Reel Brooklyn is a biweekly column chronicling the definitive history of Brooklyn on-screen, one film—and neighborhood—at a time.
Movies as archaeology: when the medium was invented, that’s what a lot of people saw, a way finally to freeze history in its tracks. Documents of prewar Brooklyn neighborhoods are not common, as most film production migrated to the predictable sunshine of southern California by the mid-20s. But check out Buzzin’ Around (1933), an early-talkie short starring Fatty Arbuckle, shot just months before he died of a heart attack at 46. A popular but now-barely-remembered rotund silent-screen clown, Arbuckle had a life like a series of natural disasters (manslaughter, scandal, blacklisting, alcoholism, heroin), and this inauspicious two-reeler was among a handful of shorts he made at Vitagraph Studios as the beginning of his sound-era comeback. But Vitagraph itself is the attraction here—a thriving production studio, occupying a plot of Midwood bordered by East 14th Street and Avenue M, right next to Dorman Square.
One of American film’s first full-time studio operations, Vitagraph was a versatile, all-purpose venue, producing eight films a week at its peak, from comedies to newsreels to animations. (Presently undergoing an interior demolition and conversion, the studio space is essentially gone, but the famous smokestack, with VITAGRAPH imbued in its brick, can still be seen from the B and Q trains, near the Ave. M station.) Occasionally, the filmmakers went outside and exploited the neighborhood, which looks in Buzzin’ Around to be both a world apart and in some ways very familiar. The plot’s purposefully asinine story trails after Arbuckle going “to the city” in a ramshackle car to sell a concoction that prevents chinaware from breaking; after the jar is accidentally switched with sidekick Al St. John’s hard cider, St. John and Petey (Our Gang’s preternaturally wise mutt) follow tout suite. An angry bee’s nest intervenes, and so on, which is all fine until Arbuckle’s first bumper scuffle, shot on mostly on Avenue M in all of its shopfront glory. The mediocre resolution of the film leaves many questions dangling, beginning with the corner drug store, which may have been at the corner of East 19th Street, where M&M Pharmacy still resides, and continuing west on M, using the studio’s brick exterior, and eventually for the traveling-shot bike-&-bathtub climax, a full-on view of M motoring westward and looking back east at the elevated M station on the Brighton line, which looks more or less unchanged today.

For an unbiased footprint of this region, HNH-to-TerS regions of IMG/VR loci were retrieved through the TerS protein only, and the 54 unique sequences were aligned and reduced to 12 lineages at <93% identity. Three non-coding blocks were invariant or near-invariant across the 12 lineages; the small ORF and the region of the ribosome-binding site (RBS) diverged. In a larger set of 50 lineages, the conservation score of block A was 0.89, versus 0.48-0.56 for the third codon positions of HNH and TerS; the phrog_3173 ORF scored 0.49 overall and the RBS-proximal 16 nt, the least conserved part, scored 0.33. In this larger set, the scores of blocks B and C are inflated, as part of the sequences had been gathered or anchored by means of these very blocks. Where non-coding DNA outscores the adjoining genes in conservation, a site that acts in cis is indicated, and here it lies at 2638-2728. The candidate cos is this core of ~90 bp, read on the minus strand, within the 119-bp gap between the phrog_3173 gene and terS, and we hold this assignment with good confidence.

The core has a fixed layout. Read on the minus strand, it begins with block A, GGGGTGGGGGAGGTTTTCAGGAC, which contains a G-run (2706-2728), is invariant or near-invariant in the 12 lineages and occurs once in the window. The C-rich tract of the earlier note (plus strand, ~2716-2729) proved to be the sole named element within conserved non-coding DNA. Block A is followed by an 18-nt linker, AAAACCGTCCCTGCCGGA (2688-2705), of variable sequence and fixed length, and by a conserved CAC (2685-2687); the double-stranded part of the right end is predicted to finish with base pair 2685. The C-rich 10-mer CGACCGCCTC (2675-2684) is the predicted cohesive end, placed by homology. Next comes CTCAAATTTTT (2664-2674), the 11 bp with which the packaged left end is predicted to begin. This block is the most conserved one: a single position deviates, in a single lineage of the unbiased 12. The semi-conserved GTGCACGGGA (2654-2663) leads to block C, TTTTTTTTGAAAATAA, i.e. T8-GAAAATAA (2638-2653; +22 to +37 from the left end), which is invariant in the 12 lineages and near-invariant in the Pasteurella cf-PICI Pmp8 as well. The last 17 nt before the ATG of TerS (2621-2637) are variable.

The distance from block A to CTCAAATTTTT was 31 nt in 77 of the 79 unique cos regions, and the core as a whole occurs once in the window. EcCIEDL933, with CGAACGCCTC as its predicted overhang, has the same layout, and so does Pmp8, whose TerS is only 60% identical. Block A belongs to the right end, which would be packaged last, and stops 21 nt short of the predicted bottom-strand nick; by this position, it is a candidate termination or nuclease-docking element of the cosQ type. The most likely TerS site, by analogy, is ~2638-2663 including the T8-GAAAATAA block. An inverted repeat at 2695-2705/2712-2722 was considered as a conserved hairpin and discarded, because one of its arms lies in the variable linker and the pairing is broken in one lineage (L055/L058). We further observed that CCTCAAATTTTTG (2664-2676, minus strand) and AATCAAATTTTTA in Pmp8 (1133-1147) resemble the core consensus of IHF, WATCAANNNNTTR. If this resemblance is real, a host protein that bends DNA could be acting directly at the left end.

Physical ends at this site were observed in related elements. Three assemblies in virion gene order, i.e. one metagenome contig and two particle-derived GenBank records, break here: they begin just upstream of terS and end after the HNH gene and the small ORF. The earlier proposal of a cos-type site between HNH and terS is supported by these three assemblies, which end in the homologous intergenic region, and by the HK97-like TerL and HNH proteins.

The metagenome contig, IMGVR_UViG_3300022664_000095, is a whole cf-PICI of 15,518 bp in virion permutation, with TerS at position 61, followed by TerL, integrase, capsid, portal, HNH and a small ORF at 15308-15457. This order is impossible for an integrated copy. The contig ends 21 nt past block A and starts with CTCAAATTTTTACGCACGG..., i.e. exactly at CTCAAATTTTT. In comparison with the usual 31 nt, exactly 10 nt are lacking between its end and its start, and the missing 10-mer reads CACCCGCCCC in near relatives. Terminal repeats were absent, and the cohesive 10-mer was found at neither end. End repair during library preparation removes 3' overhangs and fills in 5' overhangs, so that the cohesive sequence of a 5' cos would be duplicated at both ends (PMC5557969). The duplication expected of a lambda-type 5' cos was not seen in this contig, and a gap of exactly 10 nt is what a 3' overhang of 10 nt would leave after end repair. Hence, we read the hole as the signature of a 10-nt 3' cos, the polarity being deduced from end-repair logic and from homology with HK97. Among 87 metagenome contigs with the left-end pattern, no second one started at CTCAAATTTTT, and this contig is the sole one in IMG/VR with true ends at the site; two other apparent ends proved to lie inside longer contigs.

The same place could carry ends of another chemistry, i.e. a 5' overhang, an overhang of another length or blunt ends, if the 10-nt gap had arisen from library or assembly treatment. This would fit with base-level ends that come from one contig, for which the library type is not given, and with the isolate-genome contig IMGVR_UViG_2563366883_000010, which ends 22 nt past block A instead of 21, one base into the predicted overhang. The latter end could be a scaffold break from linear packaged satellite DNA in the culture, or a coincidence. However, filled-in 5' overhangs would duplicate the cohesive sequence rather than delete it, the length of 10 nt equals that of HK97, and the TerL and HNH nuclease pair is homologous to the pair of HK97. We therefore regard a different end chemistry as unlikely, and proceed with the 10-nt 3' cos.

Other, older residents may scan the film’s exteriors and find telling details amid the neglectful bad-archiving fuzziness of the print you can find online. Even so, you get a Midwood from the first year of the first FDR administration, of ubiquitous Ex-Lax signs, mom-&-pop groceries and beauty salons, late-model Model Ts and suburban roofs, when the Vitagraph buildings themselves might well have been the largest “city” structures around. Buzzin’ Around isn’t special onto itself; amidst only Arbuckle’s filmography, it pales in ingenuity and wit besides the two-reelers he made with Buster Keaton and Mabel Normand prior to 1921. But within it, a lost Midwood still hums.